Saturday, August 12, 2023

Ellen Wrenshall Grant's Civil War

Ellen Wrenshall Grant (1855-1922)

When the Civil War began in 1861 Nellie Grant was 6 years old, the only daughter of Julia Dent and Ulysses Grant who were living in Galena, Illinois where her father and his Grant family ran a leather goods shop.

Chicago Historical Society
The family business in Galena

Youngest brother Jesse about 5 in Galena during the war and 
father, born Hiram Ulysses Grant who changed his name 
to Ulysses Simpson Grant (1822-1885.)

U.S. Grant, a West Point graduate and veteran of the Mexican War of the 1840s, enlisted and rose through the ranks to head the Union Armies in 1864.

The Grants became celebrities.

Nine-year-old Nellie in a "mammoth pasteboard shoe"

When the women of St. Louis organized the Mississippi Valley Fair to raise money for the Sanitary Commission and its work with Union soldiers they asked Nellie to impersonate the old woman who lived in a shoe with so many children she didn't know what to do.

Nellie sold cards with photos of her and her doll family.

This may be Nellie in another pose. The idea of the doll family
in the shoe was apparently used at other fairs so it may be another girl.

Albany Institute of History & Art Library 
Kitty Van Antwerp at the Army Relief Bazaar, Albany, New York

Life during the Civil War was rather unsettled for the General and his family. Julia often joined her "Ulys" leaving the children with relatives.

At war's end Grant was its hero, a credential that led to his election as President in 1868. He served two terms with the family occupying the Presidential mansion from 1869 through 1877.

Presidential family including 15-year-old Nellie on vacation
 in New Jersey, 1870

Nellie was sent off to Miss Porter's boarding school in Connecticut but begged successfully to come home to the White House within a few weeks. The Grants sent Nellie to England, hoping to keep her away from eager American suitors but on the return voyage she began a shipboard romance with Algernon Sartoris, son of opera singer Adelaide Kemble and well-to-do landowner Edward Sartoris. Actress Fanny Kemble was Algernon's aunt.

Nellie's father was shocked when the couple made marriage plans in 1873. He wrote the Sartorises:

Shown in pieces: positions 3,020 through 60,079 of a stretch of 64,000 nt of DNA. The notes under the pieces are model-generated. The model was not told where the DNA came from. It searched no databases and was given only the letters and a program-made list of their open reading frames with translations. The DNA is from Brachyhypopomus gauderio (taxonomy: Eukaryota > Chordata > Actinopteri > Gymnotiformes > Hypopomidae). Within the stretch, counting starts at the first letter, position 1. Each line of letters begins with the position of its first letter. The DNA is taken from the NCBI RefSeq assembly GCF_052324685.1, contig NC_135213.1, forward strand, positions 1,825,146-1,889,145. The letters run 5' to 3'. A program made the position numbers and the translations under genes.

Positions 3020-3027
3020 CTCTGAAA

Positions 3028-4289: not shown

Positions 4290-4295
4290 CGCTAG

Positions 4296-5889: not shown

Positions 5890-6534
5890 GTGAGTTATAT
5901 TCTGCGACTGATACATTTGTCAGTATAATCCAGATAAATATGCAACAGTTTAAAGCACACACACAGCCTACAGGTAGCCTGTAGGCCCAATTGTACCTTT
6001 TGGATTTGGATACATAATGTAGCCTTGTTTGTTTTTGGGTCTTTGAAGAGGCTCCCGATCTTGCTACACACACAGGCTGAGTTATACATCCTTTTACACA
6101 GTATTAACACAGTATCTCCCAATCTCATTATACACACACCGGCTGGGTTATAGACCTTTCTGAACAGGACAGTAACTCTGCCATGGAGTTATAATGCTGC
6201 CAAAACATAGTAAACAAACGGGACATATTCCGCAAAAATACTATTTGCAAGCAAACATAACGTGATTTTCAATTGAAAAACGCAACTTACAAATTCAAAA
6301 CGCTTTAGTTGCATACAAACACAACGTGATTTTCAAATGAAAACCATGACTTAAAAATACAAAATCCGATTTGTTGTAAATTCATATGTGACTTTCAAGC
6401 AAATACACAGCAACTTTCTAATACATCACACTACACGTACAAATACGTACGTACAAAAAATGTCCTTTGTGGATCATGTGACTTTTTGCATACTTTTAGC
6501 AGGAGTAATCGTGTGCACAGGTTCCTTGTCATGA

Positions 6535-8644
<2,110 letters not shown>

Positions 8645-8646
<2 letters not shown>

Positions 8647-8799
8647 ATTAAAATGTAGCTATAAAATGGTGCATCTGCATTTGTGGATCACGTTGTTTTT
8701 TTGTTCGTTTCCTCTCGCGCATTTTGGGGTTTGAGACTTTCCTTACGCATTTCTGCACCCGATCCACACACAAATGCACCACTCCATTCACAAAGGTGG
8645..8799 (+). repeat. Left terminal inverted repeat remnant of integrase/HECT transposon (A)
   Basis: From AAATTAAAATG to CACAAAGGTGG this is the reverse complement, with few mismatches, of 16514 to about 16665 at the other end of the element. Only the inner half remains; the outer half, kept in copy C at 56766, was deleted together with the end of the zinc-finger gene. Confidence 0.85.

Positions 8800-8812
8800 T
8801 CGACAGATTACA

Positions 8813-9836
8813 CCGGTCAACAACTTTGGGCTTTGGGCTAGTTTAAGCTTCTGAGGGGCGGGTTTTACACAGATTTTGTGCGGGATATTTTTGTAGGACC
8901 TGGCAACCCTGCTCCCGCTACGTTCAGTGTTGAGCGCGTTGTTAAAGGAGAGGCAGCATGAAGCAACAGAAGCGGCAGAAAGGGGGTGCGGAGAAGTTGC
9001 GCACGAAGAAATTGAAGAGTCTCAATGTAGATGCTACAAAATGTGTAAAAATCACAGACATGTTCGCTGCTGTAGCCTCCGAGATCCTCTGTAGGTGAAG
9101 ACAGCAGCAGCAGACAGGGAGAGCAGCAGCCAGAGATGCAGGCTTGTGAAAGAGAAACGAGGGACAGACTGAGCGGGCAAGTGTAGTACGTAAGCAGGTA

"An attachment seems to have sprung up between these two young people, to my astonishment because I had only looked upon my daughter as a child."
Algernon Charles Frederick Sartoris (1851-1893) &
 bride Ellen Grant, wedding photograph in 1874. 
She was 18, he 22. Their White House wedding
was a national sensation.

To her parents' regret Nellie sailed for England with Algie. They had four children and what seems to have been a very unhappy marriage. Algie had alcohol problems and a reputation for philandering. Nellie with her midwestern "twang" (according to Queen Victoria) did not fit in to the English aristocratic lifestyle. 

Charles Dana Gibson's view of the transatlantic marriage market.

Novelist Henry James observed the American daughter-in-law of friend Adelaide Sartoris:
"Poor little Nellie Grant sits speechless on the sofa, understanding neither head nor tail of such high discourse and exciting one’s compassion for her incongruous lot in life. She is as sweet and amiable (and almost as pretty) as she is uncultivated." 
In 1888 expatriate James described her as lovely but illiterate, vulgar, untidy and overdressed. "Whenever I see her there is something rather touching and tragic."

He called her husband a "drunken idiot," an accurate description. The Sartorises separated in the 1880s and divorced in 1893. Nellie was fortunate in obtaining custody of her surviving three children and an annual income. She returned to the United States to live in Washington D.C. Sartoris died at 42 the year of their divorce, leaving her and the children the family fortune.

Nellie remarried in 1912 to Chicago banker Frank Hatch Jones.
In her later years she was an invalid. She died at 67 in 1922 
in her Chicago home on Lake Shore Drive.

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